Said Scott: "He's been putting great with it. He's obviously very comfortable. In the last couple weeks has been incredible, so I'm stoked for Camilo. He's such a positive guy. To see him playing well again is nice for an old mate."
On Saturday, after the third round, Villegas expounded on his latest attempt to play professional golf at the highest level at his age.
"Let me be honest, let's tell the viewer out there, people think that we just kind of chill out here and we're very comfortable doing what we're doing, but there's a lot
of demons out here and when you've been doing it for a long time, golf is hard," Villegas said after Saturday's third round. "Everybody feels fear at some point playing golf, playing competitive golf, playing against the best players in the world. It's about looking forward to feeling that not fear, kind of reshaping that fear into something a little bit, just lowering the curve and just managing it. To be honest, there was none of that last week, which I was surprised."
Villegas has also had to tone down his desire to see results. Earlier this year, he began working on his mental approach with Carlo Genio from Chile.
"I was getting a little too rattled when putts lipped out or a hit a bad shot and I was just kind of going away, it was affecting the way I was playing," he said. "You just want it so bad. As a golfer struggling like I've struggled the last several years, I think you want it so bad you start trying so hard and things just -- the game comes and bites you. So I've been trying to let the game be the game and let my mind be calm and at peace."
Villegas has also found peace by assisting his wife, Maria, with their foundation, Mia's Miracles, whose mission "is to provide small blessings with large impacts, bringing smiles and positivity to children and families facing challenging circumstances."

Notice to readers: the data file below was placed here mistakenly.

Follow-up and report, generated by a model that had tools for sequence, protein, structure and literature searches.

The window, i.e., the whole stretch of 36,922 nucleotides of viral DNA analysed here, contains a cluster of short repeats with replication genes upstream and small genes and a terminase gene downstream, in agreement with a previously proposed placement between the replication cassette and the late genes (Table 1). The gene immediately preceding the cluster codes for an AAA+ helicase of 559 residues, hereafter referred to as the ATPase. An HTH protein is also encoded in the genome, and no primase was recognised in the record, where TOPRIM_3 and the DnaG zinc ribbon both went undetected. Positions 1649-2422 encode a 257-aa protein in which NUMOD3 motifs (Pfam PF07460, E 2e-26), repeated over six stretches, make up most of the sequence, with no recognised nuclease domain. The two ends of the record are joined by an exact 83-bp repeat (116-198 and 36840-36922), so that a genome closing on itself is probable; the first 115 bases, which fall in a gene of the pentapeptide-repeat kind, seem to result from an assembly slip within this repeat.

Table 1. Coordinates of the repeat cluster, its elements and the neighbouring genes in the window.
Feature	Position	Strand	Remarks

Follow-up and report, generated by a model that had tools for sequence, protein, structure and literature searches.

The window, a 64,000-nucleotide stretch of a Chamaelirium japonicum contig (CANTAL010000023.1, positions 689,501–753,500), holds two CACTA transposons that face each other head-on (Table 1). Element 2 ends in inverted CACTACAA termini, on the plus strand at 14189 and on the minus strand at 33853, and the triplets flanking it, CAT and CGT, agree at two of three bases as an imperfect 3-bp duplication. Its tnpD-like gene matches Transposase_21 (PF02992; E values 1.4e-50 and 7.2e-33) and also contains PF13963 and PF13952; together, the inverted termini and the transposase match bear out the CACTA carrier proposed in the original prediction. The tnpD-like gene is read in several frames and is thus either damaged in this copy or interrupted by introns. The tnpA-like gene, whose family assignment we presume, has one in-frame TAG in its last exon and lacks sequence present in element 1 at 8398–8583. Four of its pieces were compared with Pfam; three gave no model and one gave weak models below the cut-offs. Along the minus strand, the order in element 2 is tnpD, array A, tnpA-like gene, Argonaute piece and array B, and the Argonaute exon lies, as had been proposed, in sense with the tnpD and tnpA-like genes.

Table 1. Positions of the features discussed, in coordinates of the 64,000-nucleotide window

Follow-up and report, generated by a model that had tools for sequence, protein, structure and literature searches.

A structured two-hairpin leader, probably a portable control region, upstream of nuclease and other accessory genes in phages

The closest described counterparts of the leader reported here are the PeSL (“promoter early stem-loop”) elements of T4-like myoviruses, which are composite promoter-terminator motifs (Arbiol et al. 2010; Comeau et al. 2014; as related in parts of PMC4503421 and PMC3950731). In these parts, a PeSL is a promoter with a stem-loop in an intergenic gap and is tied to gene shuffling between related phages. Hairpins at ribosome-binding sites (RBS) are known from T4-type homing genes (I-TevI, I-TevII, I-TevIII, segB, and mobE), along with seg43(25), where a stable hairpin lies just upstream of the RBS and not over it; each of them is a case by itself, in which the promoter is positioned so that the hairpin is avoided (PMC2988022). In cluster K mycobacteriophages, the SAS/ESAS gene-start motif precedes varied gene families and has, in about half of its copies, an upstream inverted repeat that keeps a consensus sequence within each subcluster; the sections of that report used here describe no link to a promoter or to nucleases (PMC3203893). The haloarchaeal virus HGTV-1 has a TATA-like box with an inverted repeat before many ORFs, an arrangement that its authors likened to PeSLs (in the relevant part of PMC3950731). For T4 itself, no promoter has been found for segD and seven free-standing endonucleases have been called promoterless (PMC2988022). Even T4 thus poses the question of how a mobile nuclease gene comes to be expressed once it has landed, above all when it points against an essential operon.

"We got a lot of stuff going on. It's become her mission in life," said Villegas. "September was a big month, children awareness, cancer awareness month, we raised some good funds. There's always stuff going on.
"To see so many people smile, so many children going through tough moments like we did and just be able to just give a little smile, make their day, make a parent's day, just have the parents just be able to be with their childrenwhen they're going through tough times, because we saw in the hospital when we were
there five months, we saw a lot of kids by themselves. Obviously parents had other -- well, they should have -- they wished they were there, but they couldn't because they had other responsibilities. So we try to get those parents to be able to spend time with their children and don't have to worry about the other responsibilities, especially financially, in a tough situation and bring them smiles."
Even thought so many things have fallen into place for Villegas the last two weeks he says he still has work to do.
"I never felt so comfortable being in contention like I did the last couple weeks, to be honest," he said. "It's kind of weird, it's kind of strange. Even when I was in
contention back in the day, yeah, a few years ago, 10 or more, I didn't have this calmness.
"I've got to really analyze what happened the last couple weeks, try to replicate more often."